How to Prevent Galvanization for Machining Processes

Galvanization is one of the most effective ways to combat rust. It involves chemically bonding zinc with the surface of iron or steel, creating a corrosion-resistant layer. Galvanized coatings provide cathodic protection, outperforming painting and powder coating. Zinc acts as an anode, giving up electrons during oxidation and sacrificing itself to keep the substrate intact. This metal also self-heals and repairs scratches on its own.

A thick galvanized coating can protect steel for 100 years from the elements, especially in rural and urban environments. However, leaving some parts of the material ungalvanized has merits on some occasions. Sealing 100% of the base metal with zinc before fabrication can be impractical since the protective layer may interfere with machining processes.

What Is the Machining Process and Its Types?

Machining is when a fabricator removes unwanted material from metal to achieve a desired shape. These are the most common machining processes:

  • Broaching: It involves a broach performing a series of successive deep cuts through a prepared leader hole at speeds ranging from 5 to 50 feet per minute. A fabricator uses this toothed tool to create spline and square holes. 
  • Electric discharge machining: It uses electric arcing discharges to rapidly cut hard materials and produce complex geometric shapes at close tolerances. It applies to ferrous alloys because the metal must be electrically conductive.
  • Electrochemical machining: It makes burr-free holes with high surface finishes in tough and exotic materials. A fabricator prefers this method to cut cavities, intricate contours and oddly shaped and small angles without putting thermal stress on the material.
  • Drilling: It feeds a rotating drill bit perpendicular to the plane of the material’s surface to create cylindrical holes.
  • Grinding: It eliminates small amounts of material from cylindrical holes and flat surfaces using various methods and grinding machines.
  • Milling: It refers to using rotating multi-point cutting tools to shape metal to add grooves or slots to the material, fabricate gears and machine complex shapes as well as flat and irregular surfaces.
  • Planing: It deals with large flat surfaces in preparation for finishing through scraping. 
  • Sawing: It refers to the use of vertical and horizontal band saws moving in continuous loops to shorten bars and extruded materials. 
  • Turning: It generates cylindrical shapes by rotating metal with a lathe and a cutting tool removes excess material linearly along the diameter.

Machining processes render newly cut iron and steel areas prone to rust by exposing them to oxygen and water in the environment. Moreover, fabrication methods are about precision.

A galvanized coating can skew machining output by increasing the material’s width, which can be a headache when hot-dipping metal in molten zinc. This galvanization process creates a protective layer that’s three times as thick as the one achieved when applying liquid zinc to straight sections of the material.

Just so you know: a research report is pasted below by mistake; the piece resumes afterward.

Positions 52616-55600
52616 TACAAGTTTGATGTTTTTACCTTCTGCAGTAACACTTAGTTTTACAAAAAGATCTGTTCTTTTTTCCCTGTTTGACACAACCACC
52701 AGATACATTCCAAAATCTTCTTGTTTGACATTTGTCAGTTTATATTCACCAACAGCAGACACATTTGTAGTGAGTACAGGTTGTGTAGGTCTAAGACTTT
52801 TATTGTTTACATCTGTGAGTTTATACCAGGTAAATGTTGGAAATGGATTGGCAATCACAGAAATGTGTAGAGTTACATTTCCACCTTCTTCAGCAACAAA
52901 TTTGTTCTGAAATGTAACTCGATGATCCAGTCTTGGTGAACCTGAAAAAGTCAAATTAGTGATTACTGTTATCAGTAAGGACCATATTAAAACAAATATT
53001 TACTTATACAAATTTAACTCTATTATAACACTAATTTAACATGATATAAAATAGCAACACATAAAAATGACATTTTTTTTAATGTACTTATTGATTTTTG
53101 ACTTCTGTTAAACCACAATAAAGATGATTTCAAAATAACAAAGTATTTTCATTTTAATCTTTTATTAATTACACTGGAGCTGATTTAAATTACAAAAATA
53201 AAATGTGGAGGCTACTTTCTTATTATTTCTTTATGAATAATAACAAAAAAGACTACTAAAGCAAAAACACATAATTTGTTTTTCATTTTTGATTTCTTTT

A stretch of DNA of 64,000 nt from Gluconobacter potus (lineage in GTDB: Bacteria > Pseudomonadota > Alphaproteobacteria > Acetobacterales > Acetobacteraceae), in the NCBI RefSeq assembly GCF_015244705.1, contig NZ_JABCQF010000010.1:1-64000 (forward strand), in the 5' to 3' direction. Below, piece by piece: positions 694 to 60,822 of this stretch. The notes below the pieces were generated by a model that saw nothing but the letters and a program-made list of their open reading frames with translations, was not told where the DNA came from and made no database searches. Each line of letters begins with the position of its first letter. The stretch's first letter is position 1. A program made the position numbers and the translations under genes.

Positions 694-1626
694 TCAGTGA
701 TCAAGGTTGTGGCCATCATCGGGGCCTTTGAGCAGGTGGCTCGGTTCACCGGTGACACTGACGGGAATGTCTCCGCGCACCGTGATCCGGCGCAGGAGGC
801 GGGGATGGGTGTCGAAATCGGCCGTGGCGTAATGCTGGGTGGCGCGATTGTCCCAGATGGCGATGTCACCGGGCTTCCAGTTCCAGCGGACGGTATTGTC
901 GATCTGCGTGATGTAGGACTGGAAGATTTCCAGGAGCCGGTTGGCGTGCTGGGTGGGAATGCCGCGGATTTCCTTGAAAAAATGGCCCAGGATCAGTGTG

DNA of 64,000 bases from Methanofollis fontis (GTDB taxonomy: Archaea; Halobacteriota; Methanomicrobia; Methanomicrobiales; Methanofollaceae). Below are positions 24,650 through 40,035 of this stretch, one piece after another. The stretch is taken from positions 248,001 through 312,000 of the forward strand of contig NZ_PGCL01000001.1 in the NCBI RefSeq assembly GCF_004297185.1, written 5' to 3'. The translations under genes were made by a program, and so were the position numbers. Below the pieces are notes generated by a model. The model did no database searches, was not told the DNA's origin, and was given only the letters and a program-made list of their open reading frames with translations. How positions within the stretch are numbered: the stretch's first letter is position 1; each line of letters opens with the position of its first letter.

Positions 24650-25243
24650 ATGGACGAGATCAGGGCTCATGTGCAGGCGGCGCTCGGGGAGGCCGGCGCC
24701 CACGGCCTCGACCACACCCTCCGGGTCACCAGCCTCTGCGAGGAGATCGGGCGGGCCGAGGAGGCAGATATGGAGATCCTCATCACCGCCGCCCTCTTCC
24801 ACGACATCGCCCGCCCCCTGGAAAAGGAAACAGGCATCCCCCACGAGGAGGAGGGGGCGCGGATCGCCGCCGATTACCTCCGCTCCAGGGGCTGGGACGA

How Do You Prevent Galvanizing?

Masking enables you to prevent specific material areas from coming into contact with corrosion-inhibiting zinc, especially during a hot-dipped galvanization process. Zinc only reacts to clean steel or iron surfaces. Treating those you purposely want to remain ungalvanized to allow for machining should do the trick.

Masking isn’t foolproof, though. Zinc can slightly reach masked areas, so more work may be necessary to remove the unwanted coating.

How Do You Mask Galvanized Steel?

You can mask materials to prevent galvanization using various products, such as sealants, tapes, paints, gaskets, caulk and aerosols.

Some masking agents are more effective than others. A material doesn’t have to keep 100% of the masked area ungalvanized to be considered adequate. Galvanizers consider products that can prevent zinc coating on at least 90% of the masked area good enough.

Masking agent effectiveness also varies by material shape. Some products lack the fluidity to fit into threaded areas, limiting them to flatter and more accessible surfaces.

Removability matters, too. Allowing a masking material to cure as per its manufacturer’s instructions should make cleaning the covered areas and restoring the metal’s original finish painless. Lengthy curing times can affect fabrication, so fabricators may gravitate toward products that can harden more quickly.

Optimize Galvanization and Machining

Poor timing can diminish the benefits of galvanization. Applying zinc to a finished metal workpiece is generally a smart practice, especially if you prefer the hot-dipped method. This way, you can eliminate the need for masking, cut costs, streamline fabrication processes and reduce corrosion weak spots.